• Lat: Latitude of the observer (0deg at the equator, 90deg at the Northpole).
• Day: Day of year (1st year 0...364, from 365 add 0.25 for every completed year within the Great Year consisting of 4 years, i.e. 365.25 etc.). Note, that the day of year does not start with the astronomically quite arbitrary January 1st, but with the day of the winter solstice in the first year a four years cycle.

Thanks to David X. Callaway to point this out early in the text to avoid confusion.

• Note: The expression "observer" in the remarks refers to a hypothetical observer located on the center of the planet's "disc".

Angle between observer and sun's zenith:

Thanks to Andrew Green for spotting an error which was introduced while translating from HTML to XLM in formulas #m_eq_1 (1) and #m_eq_9 (9) .

$z = 90 - Lat - cos pi timesnbsp Day 182.625 nbsptimesnbspAxis$

Latitude of observer:

$c = -Lat$

Angle between solar disc and sun's zenith:

$a = z - c$

Distance from observer to sun's zenith:

$d =nbsp 1 sin(a)$

Distance from observer to the center of the sun's circle:

$t = cos(a)d$

Exposed radius part between sun's zenith and sun's circle:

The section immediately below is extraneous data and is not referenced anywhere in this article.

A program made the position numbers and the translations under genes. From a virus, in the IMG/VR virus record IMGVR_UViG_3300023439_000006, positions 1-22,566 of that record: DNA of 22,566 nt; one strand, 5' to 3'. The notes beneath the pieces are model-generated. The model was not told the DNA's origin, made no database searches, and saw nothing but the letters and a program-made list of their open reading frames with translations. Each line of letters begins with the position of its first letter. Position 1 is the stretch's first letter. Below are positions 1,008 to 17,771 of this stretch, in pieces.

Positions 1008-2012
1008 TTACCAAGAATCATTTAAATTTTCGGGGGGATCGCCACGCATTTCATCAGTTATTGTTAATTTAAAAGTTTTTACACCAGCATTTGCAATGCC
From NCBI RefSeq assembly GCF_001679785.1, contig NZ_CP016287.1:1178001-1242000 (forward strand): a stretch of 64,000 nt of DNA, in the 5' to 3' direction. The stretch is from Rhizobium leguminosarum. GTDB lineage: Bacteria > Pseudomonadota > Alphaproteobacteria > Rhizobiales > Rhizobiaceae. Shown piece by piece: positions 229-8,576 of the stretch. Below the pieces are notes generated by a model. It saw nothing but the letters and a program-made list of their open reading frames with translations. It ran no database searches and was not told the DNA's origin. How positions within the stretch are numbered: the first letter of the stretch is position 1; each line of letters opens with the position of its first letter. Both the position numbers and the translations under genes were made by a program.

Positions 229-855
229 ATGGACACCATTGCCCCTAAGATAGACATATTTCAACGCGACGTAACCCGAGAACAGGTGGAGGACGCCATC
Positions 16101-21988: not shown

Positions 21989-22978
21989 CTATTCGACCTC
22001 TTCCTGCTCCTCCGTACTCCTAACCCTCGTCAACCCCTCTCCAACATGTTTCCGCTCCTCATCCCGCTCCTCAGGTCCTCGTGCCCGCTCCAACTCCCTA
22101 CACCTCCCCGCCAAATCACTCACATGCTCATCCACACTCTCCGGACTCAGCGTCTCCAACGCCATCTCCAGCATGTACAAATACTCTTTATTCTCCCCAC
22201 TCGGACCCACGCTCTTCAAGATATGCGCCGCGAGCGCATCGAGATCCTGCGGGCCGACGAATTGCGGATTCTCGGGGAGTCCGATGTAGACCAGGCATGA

$m = 1 + tan(c)t$

• if m is negative, then the sun never appears the whole day long (polar winter): m must be adjusted to 0 (the sun can not shine less than 0 hours).
• if m is larger than 2, the "sun circle" does not intersect with the planet's surface and the sun is shining the whole day (polar summer): m must be adjusted to 2 (the sun can not shine for more than 24 hours).
• Angle between center of sun's disc and sunrise or sunset point on the solar circle (not the planet's disc), resp.:

$f = arccos(1 - m)$

Exposed fraction of the sun's circle (0=never...1 = whole day):

$b =nbsp f 180$

To get the number of hours the sun shines at the given Day at the given Latitude Lat, b needs to be multiplied by 24.

Simplifications

The calculation of a and m can be simplified to:

$90 - cos pi timesnbsp Day 182.625 nbsptimesnbspAxis$

and

$m = 1 +nbsp tan(-Lat)cos(a) sin(a)$

Because cos / sin = cot = 1 / tan, a and m can be merged into:

$m = 1 +nbspnbsp tan(-Lat) tan 90 - cos pi timesnbsp Day 182.625 nbsptimes Axis$

Since tan(x) = cot(90 - x) = 1 / tan(90 - x), the division can thankfully be converted into a multiplication. Also, tan(-Lat) is equivalent with -tan(Lat):

$m = 1 - tan(Lat)tan Axis times cos pi times Day 182.625$

The expression pi/182.625 can be precalculated and saved as a constant j:

$j =nbsp pi 182.625 nbspapprox 0.0172...$
Final Formula

This reduces the calculation of m prior the correction of out-of-range values to 3 multiplications and 1 addition:

$m = 1 - tan(Lat)tan(Axis times cos(j times Day))$

(Note, that the argument of the cos function is in radians, whereas the arguments of the tan functions are in degrees.

Thanks to Kim Mackay for pointing this out.

)

Adjust the limits of m to be between 0...2; then

$b =nbsp arccos(1 - m) 180$

completes the calculation.

Function Graphs